Bertram Grosvenor Goodhue (1869-1924), Architect

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New York, New York, ca. 1884-ca. 1890, 1903-1924; Boston, Massachusetts, 1891-1903

Born April 28, 1869 in Pomfret, Connecticut, Bertram Goodhue became one of the best American draftsmen.[2] At the age of 15, he started working for Renwick, Aspinwall & Russell in New York, after attending Edwin Russell's Collegiate and Commercial Institute in New Haven. Two years later, at the age of 17, Goodhue became the head draftsman of the firm. One of the firm's partners, James Renwick, was a much-hailed architect of the Gothic Revival style, and took Goodhue under his tutelage. Goodhue met Ralph Cram in 1891, when he came to work for the Boston firm Cram & Wentworth, using money he had won for winning first prize in a competition for the Cathedral of Dallas. The two developed a long professional relationship, with Goodhue becoming a partner of the firm in 1897.[2]

As the partnership matured, Goodhue rose to prominence within the profession, sparking rivalry with Cram. In 1903, Goodhue returned to New York City and opened a new branch of the firm; this was in response to the firm's selection to design the campus for the United States Military Academy in West Point, New York. The New York branch of the firm grew more independent from the Boston branch, and Goodhue and Cram dissolved their partnership in 1914. Goodhue went on to practice independently, evolving a more modernist approach, with touches of classicism, rather than continuing with his development of the Gothic style.[2]

Goodhue was a member of the American Institute of Architects from 1901, and a fellow from 1906, until his death on April 21, 1924.[2][4]

This page is a contribution to the publication, Place Makers of Nebraska: The Architects. See the format and contents page for more information on the compilation and page organization.

Detail south pavilion (D. Murphy)
East (Senate) Chamber (Samuel H. Gottscho)
Nebraska State Capitol, 1919-1832 (D. Murphy)
Rotunda from gallery (Samuel H. Gottscho)
DM198206-13 111w.jpg
Detail north facade (D. Murphy)

Compiled Nebraska Directory Listings

Lincoln, Nebraska, 1925

Educational & Professional Associations

ca. 1884-ca. 1886: Renwick, Aspinwall & Russell, New York.[2]

ca. 1886-____: head draftsman, Renwick, Aspinwall & Russell, New York.[2]

1891-1897: draftsman, Cram & Wentworth, Boston, Massachusetts.[2]

1897-1899: draftsman and partner, Cram, Goodhue & Wentworth, Boston, Massachusetts.[2]

1899-1903: draftsman and partner, Cram, Goodhue & Ferguson, Boston, Massachusetts.[2]

1903-1914: draftsman and partner, Cram, Goodhue & Ferguson, New York, New York.[2]

1914-1924: Bertram G. Goodhue, Architect, New York, New York.

Other Associations

1919-1922: William Le Fevre Younkin (1885-1946), Architect, architect and draftsman for Goodhue, then 1922-1932, supervising architect, Nebraska Capitol Commission.

1924-1931: Bertram Grosvenor Goodhue Associates, Architects, successor firm, New York, New York.

1926-1930: Harry Francis Cunningham (1888-1959), Architect, Architect-in-charge for the Nebraska Capitol tower, Bertram Grosvenor Goodhue Associates, Architects, New York, New York

Selected Buildings & Projects

St. Thomas Church (1909-1914), New York, New York.[2][b]

West Point Chapel (1910), United State Military Academy, West Point, New York.[2][a]

California Tower (1911-1915), Panama-California Exposition, Balboa Park, San Diego, California.

Rockefeller Chapel (1918-1928), University of Chicago Campus, Chicago, Illinois.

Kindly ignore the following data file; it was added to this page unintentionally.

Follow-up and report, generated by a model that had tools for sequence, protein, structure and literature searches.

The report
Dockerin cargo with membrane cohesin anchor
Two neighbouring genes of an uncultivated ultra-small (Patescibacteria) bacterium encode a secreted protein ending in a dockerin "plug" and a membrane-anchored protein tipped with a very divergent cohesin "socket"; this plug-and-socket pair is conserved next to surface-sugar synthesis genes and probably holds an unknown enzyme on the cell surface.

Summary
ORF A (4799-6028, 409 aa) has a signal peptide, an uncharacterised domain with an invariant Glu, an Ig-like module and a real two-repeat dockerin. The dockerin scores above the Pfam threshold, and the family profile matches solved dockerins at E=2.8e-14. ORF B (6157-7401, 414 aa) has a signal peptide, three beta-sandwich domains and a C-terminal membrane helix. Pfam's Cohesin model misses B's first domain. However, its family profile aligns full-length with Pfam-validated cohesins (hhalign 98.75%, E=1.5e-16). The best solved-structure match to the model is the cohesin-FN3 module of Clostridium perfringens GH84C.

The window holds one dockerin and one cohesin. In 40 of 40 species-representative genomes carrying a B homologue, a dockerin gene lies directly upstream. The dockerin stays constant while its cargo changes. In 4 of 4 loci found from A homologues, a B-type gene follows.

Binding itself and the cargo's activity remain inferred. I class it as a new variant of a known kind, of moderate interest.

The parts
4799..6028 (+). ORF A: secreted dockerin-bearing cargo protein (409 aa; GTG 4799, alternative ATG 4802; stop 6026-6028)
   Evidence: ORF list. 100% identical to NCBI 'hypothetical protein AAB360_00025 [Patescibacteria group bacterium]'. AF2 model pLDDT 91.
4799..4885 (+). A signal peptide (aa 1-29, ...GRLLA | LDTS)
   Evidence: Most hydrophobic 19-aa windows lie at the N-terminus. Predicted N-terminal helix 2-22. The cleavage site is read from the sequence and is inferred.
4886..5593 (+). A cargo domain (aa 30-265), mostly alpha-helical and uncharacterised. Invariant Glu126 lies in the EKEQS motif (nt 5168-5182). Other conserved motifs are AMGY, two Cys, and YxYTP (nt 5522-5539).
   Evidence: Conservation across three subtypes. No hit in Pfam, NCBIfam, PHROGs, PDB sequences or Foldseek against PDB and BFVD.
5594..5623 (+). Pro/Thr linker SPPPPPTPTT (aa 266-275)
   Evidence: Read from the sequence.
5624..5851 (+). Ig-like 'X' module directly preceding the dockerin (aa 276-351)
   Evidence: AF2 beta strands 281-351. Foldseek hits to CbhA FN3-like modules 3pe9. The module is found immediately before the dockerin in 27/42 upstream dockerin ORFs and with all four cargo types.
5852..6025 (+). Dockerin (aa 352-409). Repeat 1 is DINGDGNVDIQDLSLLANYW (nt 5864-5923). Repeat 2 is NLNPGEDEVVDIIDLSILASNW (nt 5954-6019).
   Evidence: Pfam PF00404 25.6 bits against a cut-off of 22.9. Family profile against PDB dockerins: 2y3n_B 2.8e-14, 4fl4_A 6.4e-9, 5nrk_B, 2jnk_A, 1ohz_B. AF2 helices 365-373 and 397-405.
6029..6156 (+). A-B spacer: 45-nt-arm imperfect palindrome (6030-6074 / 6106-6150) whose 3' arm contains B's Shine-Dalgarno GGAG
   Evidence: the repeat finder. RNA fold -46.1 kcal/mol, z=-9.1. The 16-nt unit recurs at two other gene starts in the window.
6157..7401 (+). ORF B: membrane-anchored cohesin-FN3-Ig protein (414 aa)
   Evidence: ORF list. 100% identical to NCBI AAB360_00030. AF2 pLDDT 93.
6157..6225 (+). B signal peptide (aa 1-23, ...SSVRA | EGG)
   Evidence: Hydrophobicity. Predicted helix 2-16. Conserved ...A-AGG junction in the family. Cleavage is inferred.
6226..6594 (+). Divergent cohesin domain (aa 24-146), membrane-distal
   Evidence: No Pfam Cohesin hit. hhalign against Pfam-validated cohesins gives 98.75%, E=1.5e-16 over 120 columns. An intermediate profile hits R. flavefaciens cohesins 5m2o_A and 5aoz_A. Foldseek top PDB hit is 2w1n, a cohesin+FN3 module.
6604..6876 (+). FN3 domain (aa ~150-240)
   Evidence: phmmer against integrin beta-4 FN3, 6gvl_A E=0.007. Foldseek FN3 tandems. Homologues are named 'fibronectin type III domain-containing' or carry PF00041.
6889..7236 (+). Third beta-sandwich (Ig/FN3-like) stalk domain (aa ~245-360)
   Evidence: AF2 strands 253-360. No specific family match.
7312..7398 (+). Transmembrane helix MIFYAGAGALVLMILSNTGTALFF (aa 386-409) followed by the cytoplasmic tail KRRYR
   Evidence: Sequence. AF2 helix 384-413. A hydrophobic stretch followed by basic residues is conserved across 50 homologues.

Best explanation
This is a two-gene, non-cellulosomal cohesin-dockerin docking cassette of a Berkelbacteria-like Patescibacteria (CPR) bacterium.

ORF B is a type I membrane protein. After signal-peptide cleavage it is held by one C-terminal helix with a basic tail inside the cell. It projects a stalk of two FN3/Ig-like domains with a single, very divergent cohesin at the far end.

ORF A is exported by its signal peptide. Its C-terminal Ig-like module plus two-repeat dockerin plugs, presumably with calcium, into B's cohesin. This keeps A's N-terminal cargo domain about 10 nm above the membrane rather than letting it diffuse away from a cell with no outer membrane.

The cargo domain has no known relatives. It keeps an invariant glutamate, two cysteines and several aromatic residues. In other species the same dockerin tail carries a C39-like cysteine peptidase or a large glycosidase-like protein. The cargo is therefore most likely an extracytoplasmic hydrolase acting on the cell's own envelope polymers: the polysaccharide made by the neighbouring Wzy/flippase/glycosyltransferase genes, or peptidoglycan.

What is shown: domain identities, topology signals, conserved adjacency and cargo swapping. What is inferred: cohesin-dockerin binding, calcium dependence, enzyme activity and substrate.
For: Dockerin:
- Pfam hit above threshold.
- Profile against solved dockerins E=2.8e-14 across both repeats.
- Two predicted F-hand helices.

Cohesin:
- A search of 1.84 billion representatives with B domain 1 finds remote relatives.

Nebraska State Capitol, (1919-1932), 1445 K St., Lincoln, Nebraska.[2][3][5][c] (LC13:D08-001)

National Academy of Sciences Building (1924), 2101 Constitution Ave, Washington, D.C.[2]

Los Angeles Public Library (1921-1926), Los Angeles, California.[2]

Central Methodist Episcopal Church (ca.1913), 207 Haverhill St., Lawrence, Massachusetts.[6][a]

Honors & Awards

AIA Gold Medal (1925).


a. This was a project undertaken by the firm Cram, Goodhue & Ferguson.[2]

b. This was the last project to be completed by the partnership between Cram and Goodhue.[2]

c. Upon Goodhue's death in 1924, his firm reorganized as Bertram Grosvenor Goodhue Associates to complete this building and other work.


1. Charles Harris Whitaker (Ed.) Bertram Grosvenor Goodhue: Architect and Master of Many Arts (New York: American Institute of Architects, Inc., 1925).

2. David Gebhard and Deborah Nevins, 200 Years of American Architectural Drawing (New York: Watson-Guptill Publishers, 1977), 167.

3. Listed in the National Register of Historic Places. NHL database report

4. AIA Historical Directory of American Architects: A Resource Guide to Finding Information About Past Architects. Accessed, May 5, 2014.

5. Kathryn Cates Moore, “Building on the Past,” Lincoln Journal Star (May 23, 2004). 1K-2K.

6. Jane D. Kaufmann to Mr. Eric McCready. June 1, 1978.

Other Sources

Frederick C. Luebke, ed. A Harmony of the Arts: The Nebraska State Capitol (Lincoln: University of Nebraska Press, 1990).

Kathryn Cates Moore, “Building on the Past: Architecture in Lincoln Strengthens the fabric of the City,” Lincoln Journal Star (May 23, 2004), 1K-2K.

Richard Oliver. Bertram Grosvenor Goodhue (Cambridge, Massachusetts: MIT Press, for the Architectural History Foundation, 1983).

Richard Guy Wilson. The AIA Gold Medal (New York: McGraw-Hill, 1984).

Henry F. Withey, A.I.A., and Elsie Rathburn Withey. Biographical Dictionary of American Architects (Deceased) (Los Angeles: New Age Publishing Company, 1956. Facsimile edition, Hennessey & Ingalls, Inc., 1970).

Page Citation

D. Murphy, “Bertram Grosvenor Goodhue (1869-1924), Architect,” in David Murphy, Edward F. Zimmer, and Lynn Meyer, comps. Place Makers of Nebraska: The Architects. Lincoln: Nebraska State Historical Society, December 16, 2014. Accessed, December 5, 2022.

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